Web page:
Domino’s faces trial over alleged underpayment of workers

The company 'strongly disputes' the lawsuit's claims

Domino’s faces trial over alleged underpayment of workers

Domino’s Pizza is set to face trial after a national wages scandal that allegedly left tens of thousands of its workers paid less than the minimum award wage. According to The Sydney Morning Herald (SMH), the class action, brought by the law firm Phi Finney McDonald, claimed that Domino’s drivers and in-store workers were underpaid up to $11 an hour, or amounting to $10,000 a year.

Claims of exploiting workers

Among the claims in the case is that Domino’s wrongly ordered its franchisees to pay workers based on the workplace agreements that the company reached with the Shop Assistants Union (SDA) instead of the fast-food award, SMH reported. This means that workers are paid significantly less than the minimum award wage.

In 2016, the investment bank Deutsche estimated that the pizza giant was earning over $30mil per year in wages by paying its staff under the workplace agreements rather than the fast-food award. Abhinav Rana, who was a temporary migrant worker from India, worked as a driver and in-store at three Domino’s stores in Melbourne from 2016 to 2018. 

According to SMH, Rana was paid a flat $16 per hour as a casual employee working 25 to 30 hours per week, and if he was paid award wages, he would have received an average of $25 per hour, and more during the weekends and at night.

However, when Rana started his work as a delivery driver, Domino’s paid him $12.40 an hour with a small delivery fee — significantly less than the minimum award wage. Rana has estimated that he was underpaid by up to $20,000 at Domino’s.

“It was pretty hard for me living day to day … Melbourne is expensive,” Rana told SMH. “Being new to this country, you don’t know much about it [the employment system]. You rely on the person who you’re working for that they treat you right.”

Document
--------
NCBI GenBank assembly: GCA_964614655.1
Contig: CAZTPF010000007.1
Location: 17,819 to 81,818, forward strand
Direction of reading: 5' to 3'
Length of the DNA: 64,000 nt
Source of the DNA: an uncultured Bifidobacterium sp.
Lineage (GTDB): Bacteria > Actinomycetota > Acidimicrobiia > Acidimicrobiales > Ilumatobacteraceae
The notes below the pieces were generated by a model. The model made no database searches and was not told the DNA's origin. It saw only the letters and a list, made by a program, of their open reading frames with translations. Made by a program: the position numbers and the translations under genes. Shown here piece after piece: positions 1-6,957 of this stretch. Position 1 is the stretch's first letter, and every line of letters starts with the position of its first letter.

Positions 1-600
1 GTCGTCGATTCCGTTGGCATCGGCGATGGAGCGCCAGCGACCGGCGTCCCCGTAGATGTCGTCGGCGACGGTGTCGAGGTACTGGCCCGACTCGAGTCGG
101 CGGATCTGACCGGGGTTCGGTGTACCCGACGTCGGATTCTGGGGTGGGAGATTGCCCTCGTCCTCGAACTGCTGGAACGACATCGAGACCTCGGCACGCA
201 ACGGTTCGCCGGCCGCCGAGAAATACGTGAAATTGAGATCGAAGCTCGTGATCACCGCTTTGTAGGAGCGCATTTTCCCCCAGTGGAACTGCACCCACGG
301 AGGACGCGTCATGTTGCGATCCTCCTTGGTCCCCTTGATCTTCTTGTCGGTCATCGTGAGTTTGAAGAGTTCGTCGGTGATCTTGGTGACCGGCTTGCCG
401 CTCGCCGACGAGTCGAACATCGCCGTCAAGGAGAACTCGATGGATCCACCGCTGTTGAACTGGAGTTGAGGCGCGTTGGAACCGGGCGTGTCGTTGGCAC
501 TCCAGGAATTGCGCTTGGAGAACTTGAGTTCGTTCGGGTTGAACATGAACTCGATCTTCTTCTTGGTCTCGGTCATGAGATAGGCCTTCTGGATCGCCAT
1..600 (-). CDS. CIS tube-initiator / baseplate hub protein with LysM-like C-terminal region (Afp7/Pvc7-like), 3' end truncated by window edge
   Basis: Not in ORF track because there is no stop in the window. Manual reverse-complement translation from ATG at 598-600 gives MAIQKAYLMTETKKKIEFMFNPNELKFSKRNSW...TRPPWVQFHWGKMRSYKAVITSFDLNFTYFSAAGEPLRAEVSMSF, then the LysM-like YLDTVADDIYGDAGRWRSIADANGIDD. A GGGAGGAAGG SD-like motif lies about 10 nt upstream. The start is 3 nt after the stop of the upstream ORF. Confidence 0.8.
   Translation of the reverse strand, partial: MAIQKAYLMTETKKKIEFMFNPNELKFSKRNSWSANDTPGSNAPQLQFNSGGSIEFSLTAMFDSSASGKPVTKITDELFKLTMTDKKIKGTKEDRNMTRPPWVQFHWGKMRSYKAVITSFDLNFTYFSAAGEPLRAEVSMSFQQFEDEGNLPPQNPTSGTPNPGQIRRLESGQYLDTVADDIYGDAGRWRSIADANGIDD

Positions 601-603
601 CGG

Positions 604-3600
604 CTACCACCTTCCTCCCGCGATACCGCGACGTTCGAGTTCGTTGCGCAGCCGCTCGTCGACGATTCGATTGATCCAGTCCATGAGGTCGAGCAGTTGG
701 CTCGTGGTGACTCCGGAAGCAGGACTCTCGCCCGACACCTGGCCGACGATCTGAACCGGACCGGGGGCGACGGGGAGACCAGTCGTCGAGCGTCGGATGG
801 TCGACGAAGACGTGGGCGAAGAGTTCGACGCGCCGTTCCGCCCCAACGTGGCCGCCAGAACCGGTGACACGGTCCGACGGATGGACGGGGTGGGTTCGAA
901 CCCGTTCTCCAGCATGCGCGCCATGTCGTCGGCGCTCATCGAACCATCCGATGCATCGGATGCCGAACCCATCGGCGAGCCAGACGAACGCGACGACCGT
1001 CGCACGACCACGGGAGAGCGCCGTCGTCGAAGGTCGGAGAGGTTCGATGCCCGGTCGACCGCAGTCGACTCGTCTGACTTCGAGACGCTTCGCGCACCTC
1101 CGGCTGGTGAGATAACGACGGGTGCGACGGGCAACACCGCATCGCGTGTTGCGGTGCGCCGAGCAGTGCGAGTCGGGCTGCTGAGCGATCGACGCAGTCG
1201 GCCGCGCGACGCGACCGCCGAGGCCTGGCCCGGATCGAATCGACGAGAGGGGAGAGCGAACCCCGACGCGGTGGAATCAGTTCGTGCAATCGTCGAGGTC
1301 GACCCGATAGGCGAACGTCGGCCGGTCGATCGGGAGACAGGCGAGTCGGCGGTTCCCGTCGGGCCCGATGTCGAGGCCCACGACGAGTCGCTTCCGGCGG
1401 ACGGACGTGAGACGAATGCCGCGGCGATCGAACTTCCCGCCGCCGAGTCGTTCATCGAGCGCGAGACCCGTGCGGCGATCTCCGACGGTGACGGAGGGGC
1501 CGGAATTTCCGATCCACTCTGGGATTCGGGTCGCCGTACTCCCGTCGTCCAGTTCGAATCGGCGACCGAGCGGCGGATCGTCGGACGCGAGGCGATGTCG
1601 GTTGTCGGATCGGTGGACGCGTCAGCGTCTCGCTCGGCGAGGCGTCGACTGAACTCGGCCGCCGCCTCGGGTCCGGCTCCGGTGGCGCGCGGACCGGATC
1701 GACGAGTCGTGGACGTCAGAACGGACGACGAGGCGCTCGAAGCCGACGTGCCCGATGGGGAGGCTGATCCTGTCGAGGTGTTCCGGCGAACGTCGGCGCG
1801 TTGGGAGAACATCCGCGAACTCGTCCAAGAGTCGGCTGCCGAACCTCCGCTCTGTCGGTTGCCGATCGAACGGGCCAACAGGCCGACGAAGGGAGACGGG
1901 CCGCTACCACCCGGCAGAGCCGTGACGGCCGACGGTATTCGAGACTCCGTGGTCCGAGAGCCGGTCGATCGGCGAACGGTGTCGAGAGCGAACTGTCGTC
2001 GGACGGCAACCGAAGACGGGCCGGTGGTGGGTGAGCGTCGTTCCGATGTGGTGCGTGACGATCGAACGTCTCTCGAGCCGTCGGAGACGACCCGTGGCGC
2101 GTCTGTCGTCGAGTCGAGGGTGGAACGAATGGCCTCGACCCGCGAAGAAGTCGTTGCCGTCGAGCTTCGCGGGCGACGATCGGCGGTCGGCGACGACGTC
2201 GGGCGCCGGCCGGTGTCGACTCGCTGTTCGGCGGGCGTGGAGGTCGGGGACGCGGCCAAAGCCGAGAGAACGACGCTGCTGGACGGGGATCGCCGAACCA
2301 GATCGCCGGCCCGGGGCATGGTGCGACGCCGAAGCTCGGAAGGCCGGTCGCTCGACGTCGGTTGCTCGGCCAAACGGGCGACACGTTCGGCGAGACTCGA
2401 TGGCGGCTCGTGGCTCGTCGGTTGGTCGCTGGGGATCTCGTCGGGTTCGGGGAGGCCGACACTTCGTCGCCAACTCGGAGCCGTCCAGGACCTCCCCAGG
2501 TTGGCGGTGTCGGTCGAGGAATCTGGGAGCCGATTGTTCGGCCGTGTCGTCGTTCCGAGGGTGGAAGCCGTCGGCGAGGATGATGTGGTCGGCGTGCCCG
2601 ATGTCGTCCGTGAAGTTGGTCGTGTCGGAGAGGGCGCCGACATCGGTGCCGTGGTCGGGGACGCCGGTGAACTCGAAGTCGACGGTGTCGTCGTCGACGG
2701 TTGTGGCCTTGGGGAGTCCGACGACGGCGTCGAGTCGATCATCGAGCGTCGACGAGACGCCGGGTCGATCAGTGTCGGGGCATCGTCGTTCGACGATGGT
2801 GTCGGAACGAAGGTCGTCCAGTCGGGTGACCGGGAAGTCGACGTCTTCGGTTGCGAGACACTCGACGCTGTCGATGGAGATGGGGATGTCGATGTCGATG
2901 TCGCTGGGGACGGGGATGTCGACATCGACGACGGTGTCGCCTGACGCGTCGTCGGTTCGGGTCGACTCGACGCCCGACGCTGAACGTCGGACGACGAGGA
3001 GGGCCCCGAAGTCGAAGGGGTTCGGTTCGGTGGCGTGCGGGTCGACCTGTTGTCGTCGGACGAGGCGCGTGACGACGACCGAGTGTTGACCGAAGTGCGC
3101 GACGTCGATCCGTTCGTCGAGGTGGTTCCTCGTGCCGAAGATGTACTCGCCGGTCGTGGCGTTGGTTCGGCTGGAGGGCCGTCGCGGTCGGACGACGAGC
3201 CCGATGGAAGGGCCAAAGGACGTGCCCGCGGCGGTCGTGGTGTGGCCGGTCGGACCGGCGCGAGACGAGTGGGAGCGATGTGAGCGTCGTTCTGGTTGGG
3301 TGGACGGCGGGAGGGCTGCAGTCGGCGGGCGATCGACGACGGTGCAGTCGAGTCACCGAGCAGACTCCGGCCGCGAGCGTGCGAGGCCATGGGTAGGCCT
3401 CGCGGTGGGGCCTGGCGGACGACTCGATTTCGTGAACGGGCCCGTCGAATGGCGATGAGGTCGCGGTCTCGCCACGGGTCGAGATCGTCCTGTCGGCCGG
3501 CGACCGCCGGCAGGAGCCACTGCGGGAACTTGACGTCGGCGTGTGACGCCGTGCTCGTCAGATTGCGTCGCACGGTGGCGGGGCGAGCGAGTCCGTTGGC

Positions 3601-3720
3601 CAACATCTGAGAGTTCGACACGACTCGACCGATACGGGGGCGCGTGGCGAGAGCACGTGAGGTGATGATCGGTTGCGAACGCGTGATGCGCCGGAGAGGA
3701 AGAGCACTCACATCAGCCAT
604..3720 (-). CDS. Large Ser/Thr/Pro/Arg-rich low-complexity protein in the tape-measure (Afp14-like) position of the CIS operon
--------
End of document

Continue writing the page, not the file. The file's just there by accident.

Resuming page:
Affected workers are encouraged to come forward

Phi Finney McDonald’s principal lawyer, Brett Spiegel, encouraged eligible Domino’s workers to reach out to legal experts.

“We want the Court to know the scale of what workers say they are entitled to if there is an order for Domino’s to pay compensation,” Spiegel said in a news release.

Secretary of the Retail and Fast Food Workers Unions (RAFFWU) Josh Cullinan said that workers may fail to receive their total compensation if they don’t make contact regarding their claims or register.

“We know there are more than 55,000 Domino’s workers who are eligible for this class action,” Cullinan said in a news release. “We want to make sure these people are counted so they can demand what we say they are owed by Domino’s.”

A Domino’s spokesperson told SMH that the company “strongly disputes” the claims in the class action.

“We maintain that the entitlements of all workers in every Domino’s store in Australia were governed by our enterprise agreements in place at the time,” the spokesperson said. “The enterprise agreements were terminated in January 2018 and every Domino’s store in Australia moved to the award conditions at that time.”

SMH reported that the class action, set to be heard in a Federal Court trial on 2 November, does not affect stores run by the franchise’s head office.

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